against a right-wing religious cult
Photo: Raymond White
The campaign continued to fight against bigots, participating in the mass counter-demonstration at Wilson High School against the Westboro Baptist Church, a right-wing religious cult. The PSL campaign raised proudly the banner of full LGBT equality. Thousands gathered with signs reading, “Hate is not welcome at our school,” chanting “Go home now” as activists from the campaign distributed leaflets and explained that, if elected, Stevie Merino would immediately begin issuing marriage licenses to same-sex couples regardless of the bigoted Prop. 8.
The campaign participated in the March 4 Strike and Day of Action to Defend Public Education at CSULB and Wilson High School, where thousands of people gathered to demand an end to cuts and fee hikes. The campaign raised the demand that education should be free from pre-school through university, and pledged to prevent the mass firing of over 800 teachers in Long Beach Unified School District.
Candidate Merino marched shoulder to shoulder with anti-war demonstrators on March 20 in Los Angeles on the seventh anniversary of the war in Iraq. She was there to demand that money be spent on jobs and education instead of the war machine. Merino spoke on behalf of Students Fight Back, calling for an end to U.S. imperialism and the military-industrial complex.
The campaign also joined the more than 50,000 people who marched for immigrant rights on March 27, calling for full legalization and immediate comprehensive immigration reform. The campaign has not wavered on this issue. It demanded that the city of Long Beach become a sanctuary city with an end to all racist raids and deportations. No one should be considered “illegal.”
Building a movement
The overwhelming majority of people who came into contact with the campaign became supporters. On numerous occasions, working-class people shared stories of intense hardship, exploitation and police violence. No one has been left unaffected by the economic crisis in Long Beach. People have lost their jobs, cannot pay their bills, are being kicked out of their homes, have no child care for their children who have had all of their after-school programs cut, cannot afford their medication or hospital visits, and have had their homes barged into. In one instance, a young man even shared with us the details of how his brother was shot, execution style, by the Long Beach Police Department.
The campaign was covered widely in the Long Beach Press-Telegram, the Long Beach Post and all other local media outlets. Excellent articles outlined the political demands and program of the PSL’s openly socialist campaign.
Some cynical media “bigwigs” reacted to the campaign within the confines of bourgeois thinking. They questioned much of the program, somewhat hysterically, saying “It’s not possible! How can you call for such things?”
Before the election, the editorial board of the Press-Telegram endorsed Foster for mayor, predicting that Merino would not even get “one percent” of the vote. They were dead wrong: she got 16 percent! After the election, the Press-Telegram had to backtrack. It ended up honoring the PSL campaign, naming Stevie Merino as winner of the symbolic “David and Goliath” award for daring to face off against the corporate-backed and funded mayor.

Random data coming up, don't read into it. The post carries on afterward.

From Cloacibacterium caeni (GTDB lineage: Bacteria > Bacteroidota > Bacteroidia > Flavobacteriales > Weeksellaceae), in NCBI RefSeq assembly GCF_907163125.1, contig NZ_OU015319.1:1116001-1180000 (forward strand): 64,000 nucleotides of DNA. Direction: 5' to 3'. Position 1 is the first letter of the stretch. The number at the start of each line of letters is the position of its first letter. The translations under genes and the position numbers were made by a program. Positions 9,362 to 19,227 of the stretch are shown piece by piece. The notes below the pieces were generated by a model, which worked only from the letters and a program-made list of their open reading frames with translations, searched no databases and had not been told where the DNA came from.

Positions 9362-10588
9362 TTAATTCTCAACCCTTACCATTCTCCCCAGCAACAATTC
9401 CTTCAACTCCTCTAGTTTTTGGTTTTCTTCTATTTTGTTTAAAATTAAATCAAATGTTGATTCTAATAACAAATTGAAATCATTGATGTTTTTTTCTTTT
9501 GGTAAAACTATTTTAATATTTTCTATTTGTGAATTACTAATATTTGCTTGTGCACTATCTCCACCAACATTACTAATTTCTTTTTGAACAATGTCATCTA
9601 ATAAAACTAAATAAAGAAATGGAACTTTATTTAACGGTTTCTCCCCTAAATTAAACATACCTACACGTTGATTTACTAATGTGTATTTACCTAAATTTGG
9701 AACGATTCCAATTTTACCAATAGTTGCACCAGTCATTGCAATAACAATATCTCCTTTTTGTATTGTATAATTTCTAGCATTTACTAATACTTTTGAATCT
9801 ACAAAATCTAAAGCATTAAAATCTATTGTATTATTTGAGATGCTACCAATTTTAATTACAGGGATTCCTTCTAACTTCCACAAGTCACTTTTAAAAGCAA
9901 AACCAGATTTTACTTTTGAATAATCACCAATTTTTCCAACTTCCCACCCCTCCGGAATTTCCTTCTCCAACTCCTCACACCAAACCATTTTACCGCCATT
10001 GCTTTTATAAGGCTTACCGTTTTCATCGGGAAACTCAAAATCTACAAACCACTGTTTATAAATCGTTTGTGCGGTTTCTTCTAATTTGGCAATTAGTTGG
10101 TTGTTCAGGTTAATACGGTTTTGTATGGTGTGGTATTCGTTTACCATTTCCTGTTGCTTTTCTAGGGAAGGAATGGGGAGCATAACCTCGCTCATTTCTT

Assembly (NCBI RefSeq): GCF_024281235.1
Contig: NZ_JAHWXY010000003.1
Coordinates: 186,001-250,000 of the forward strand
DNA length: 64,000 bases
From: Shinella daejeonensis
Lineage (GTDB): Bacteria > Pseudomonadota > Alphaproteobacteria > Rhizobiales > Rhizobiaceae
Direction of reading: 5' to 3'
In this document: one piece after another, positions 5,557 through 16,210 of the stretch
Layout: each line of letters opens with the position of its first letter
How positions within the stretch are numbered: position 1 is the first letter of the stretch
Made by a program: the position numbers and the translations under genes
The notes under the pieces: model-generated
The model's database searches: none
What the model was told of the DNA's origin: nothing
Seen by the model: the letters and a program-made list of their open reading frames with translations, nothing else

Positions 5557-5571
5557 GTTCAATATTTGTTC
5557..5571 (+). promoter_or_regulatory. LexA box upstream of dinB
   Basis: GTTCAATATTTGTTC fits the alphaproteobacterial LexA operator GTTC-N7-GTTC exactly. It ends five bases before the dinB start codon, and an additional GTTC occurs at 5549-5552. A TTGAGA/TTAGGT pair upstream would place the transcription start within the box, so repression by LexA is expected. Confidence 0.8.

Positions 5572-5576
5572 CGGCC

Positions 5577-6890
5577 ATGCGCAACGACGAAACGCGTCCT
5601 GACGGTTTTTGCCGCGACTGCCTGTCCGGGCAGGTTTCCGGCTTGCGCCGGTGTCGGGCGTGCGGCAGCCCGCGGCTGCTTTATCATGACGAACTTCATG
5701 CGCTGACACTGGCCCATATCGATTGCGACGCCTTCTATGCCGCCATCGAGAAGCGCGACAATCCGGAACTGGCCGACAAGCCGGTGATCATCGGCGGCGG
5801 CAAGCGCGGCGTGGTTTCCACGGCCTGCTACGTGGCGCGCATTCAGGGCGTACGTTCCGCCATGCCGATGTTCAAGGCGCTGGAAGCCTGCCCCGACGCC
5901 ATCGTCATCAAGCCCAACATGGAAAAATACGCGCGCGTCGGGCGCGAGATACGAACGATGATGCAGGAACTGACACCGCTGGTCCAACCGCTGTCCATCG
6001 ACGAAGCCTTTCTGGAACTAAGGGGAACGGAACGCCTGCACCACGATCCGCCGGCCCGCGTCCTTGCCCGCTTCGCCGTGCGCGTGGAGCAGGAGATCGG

What the PSL campaign fought for makes sense. It makes sense that same-sex couples should have the same rights as heterosexual couples. It makes sense that an all-elected community control board should be able to fire police officers and jail them when they murder members of the community. It makes sense that where there is work to be done, jobs should be created. It makes sense to fund public education when it is the children of Long Beach who are facing larger class sizes and overworked teachers. It makes sense to outlaw foreclosures and evictions when it is the ruling capitalist class that created this economic downturn—not the workers being kicked out of their homes. It makes sense to fund women’s clinics, homeless services, HIV programs, substance abuse programs, battered women’s shelters, after-school programs, and countless other services when working people are suffering most.
The only thing that does not make sense is the current system. The PSL campaign fought to change this. The campaign’s primary goal was to build a movement that can fight back, truly serving the interests of workers, the poor and students in Long Beach.
The campaign made a major impression in Long Beach. In fact, it made history. It isn’t every day that a worker finds an openly socialist 21-year-old woman of color on the ballot. As a matter of fact, few people in the country have ever seen that. The PSL campaign succeeded in challenging the electoral process, bringing forth working-class issues, and raising the banner of revolutionary socialism.
The PSL will not disappear now that the election is over. It is continuing to organize in Long Beach and the surrounding South Bay area. The PSL will continue to fight against capitalism and the ruling class on every level, local and national, while continuing to build the movement for socialism.
This is great news. As someone who is new to communist politics I could not believe the reaction among left-communists in the forums at this story.
Too bad you're in Ohio Kassad, you'd like Stevie.
Stevie and I are very good friends.